Ruling might be break for sovereignty backers
An appeals court must reconsider its decision allowing taxpayers to challenge state expenditures on Hawaiian programs.
ANOTHER round of legal maneuvering is beginning with the U.S. Supreme Court's predictable order that an appeals court reconsider its decision allowing a taxpayer challenge to state programs benefiting Hawaiians. The programs remain vulnerable because of the Senate's rejection last week of Hawaiian sovereignty.
President Bush indicated he was prepared to veto the Akaka Bill granting Hawaiians sovereignty if approved by Congress. The impending death of the taxpayers' lawsuit against the state gives proponents of sovereignty time to garner support in Washington.
The Supreme Court ordered the 9th U.S. Circuit Court of Appeals this week to reconsider its ruling that allowed taxpayers to sue the state over funds going through the Office of Hawaiian Affairs. The order is consistent with a ruling by the high court last month that local and state governments, like the federal government, cannot be sued successfully by taxpayers over how they spend tax dollars.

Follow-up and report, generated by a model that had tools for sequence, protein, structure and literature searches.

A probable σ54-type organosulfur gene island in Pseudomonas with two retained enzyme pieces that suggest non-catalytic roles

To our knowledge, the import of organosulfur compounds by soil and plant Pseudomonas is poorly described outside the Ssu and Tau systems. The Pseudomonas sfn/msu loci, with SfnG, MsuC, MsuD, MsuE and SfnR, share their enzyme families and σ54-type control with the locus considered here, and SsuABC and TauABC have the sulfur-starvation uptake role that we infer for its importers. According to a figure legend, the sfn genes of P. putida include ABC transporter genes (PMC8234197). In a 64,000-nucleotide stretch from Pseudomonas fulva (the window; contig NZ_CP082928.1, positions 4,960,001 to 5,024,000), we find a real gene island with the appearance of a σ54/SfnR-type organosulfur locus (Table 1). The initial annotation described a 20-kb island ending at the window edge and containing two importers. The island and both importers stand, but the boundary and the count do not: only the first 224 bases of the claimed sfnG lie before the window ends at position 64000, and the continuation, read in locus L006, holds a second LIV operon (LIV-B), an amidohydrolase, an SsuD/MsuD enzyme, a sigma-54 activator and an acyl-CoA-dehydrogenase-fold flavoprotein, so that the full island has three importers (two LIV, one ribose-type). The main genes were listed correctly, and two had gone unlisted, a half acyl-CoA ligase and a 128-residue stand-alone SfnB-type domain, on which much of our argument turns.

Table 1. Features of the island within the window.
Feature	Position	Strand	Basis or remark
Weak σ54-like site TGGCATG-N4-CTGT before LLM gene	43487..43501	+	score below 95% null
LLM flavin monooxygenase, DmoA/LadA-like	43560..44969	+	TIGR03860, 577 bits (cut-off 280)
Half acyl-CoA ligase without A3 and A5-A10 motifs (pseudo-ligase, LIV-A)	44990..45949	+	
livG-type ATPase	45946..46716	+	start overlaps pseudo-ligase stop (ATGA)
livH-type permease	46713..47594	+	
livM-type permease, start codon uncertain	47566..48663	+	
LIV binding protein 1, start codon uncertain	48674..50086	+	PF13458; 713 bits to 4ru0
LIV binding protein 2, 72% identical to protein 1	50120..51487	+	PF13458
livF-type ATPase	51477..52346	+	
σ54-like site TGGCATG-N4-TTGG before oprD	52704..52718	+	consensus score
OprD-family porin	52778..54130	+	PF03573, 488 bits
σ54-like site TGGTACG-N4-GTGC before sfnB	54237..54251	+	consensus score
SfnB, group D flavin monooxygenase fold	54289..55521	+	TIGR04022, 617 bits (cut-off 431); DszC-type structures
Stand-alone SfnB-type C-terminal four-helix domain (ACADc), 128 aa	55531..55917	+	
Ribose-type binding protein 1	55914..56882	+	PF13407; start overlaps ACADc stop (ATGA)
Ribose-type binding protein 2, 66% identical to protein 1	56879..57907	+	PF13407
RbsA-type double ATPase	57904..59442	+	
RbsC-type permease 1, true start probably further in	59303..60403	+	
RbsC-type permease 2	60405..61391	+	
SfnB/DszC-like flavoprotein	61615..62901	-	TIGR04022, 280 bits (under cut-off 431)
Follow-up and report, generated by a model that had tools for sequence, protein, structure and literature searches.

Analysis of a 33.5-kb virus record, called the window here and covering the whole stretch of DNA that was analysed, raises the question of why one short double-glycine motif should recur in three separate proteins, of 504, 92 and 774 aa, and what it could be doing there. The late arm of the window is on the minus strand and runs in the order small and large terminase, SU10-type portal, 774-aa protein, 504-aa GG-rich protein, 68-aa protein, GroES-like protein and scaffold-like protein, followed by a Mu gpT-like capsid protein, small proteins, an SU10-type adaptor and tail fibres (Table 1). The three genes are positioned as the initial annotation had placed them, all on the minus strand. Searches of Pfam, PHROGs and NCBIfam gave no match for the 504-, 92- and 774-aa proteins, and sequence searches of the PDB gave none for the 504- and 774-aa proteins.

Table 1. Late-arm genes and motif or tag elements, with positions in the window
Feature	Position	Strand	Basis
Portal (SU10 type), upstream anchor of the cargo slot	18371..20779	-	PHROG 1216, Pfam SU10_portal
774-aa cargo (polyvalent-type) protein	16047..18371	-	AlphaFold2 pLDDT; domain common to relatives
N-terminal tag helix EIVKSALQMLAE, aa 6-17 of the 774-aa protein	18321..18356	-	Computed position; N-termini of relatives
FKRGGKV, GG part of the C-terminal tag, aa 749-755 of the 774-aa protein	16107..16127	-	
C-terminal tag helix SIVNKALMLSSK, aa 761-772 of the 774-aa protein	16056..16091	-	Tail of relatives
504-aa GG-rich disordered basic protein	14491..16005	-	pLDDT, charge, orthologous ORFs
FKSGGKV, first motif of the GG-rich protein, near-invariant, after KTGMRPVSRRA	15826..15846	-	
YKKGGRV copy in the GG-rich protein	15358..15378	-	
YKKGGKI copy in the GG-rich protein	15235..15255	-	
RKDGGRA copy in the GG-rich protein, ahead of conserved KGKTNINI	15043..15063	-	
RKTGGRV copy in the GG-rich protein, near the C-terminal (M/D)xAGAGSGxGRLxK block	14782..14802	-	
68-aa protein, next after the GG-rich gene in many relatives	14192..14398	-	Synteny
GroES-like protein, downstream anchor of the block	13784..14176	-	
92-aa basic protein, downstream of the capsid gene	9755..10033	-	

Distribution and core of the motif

William Burgess, a lawyer for the Hawaii taxpayers challenging OHA, insisted that their lawsuit is still alive because the state has been "denying them benefits." He is mistaken; the suit does not contend that the taxpayers have sought benefits. Burgess can be expected next to bring suit by residents without Hawaiian lineage who will have applied for and been denied benefits.
Such programs needed enactment of the Akaka Bill to protect them from that very kind of lawsuit. Burgess will contend that benefits are racially discriminatory in their distribution; programs that benefit Indians and native Alaskans are protected by the level of sovereignty that the Akaka Bill had sought.
The state and OHA will maintain that the programs are constitutional. However, recent court challenges to Hawaiian programs have succeeded. The Supreme Court ruled in 2000 that allowing only native Hawaiians to vote for OHA trustees was unconstitutionally discriminatory. Likewise, the 9th Circuit ruled last August that Kamehameha Schools illegally discriminates against non-Hawaiians by denying them admission.
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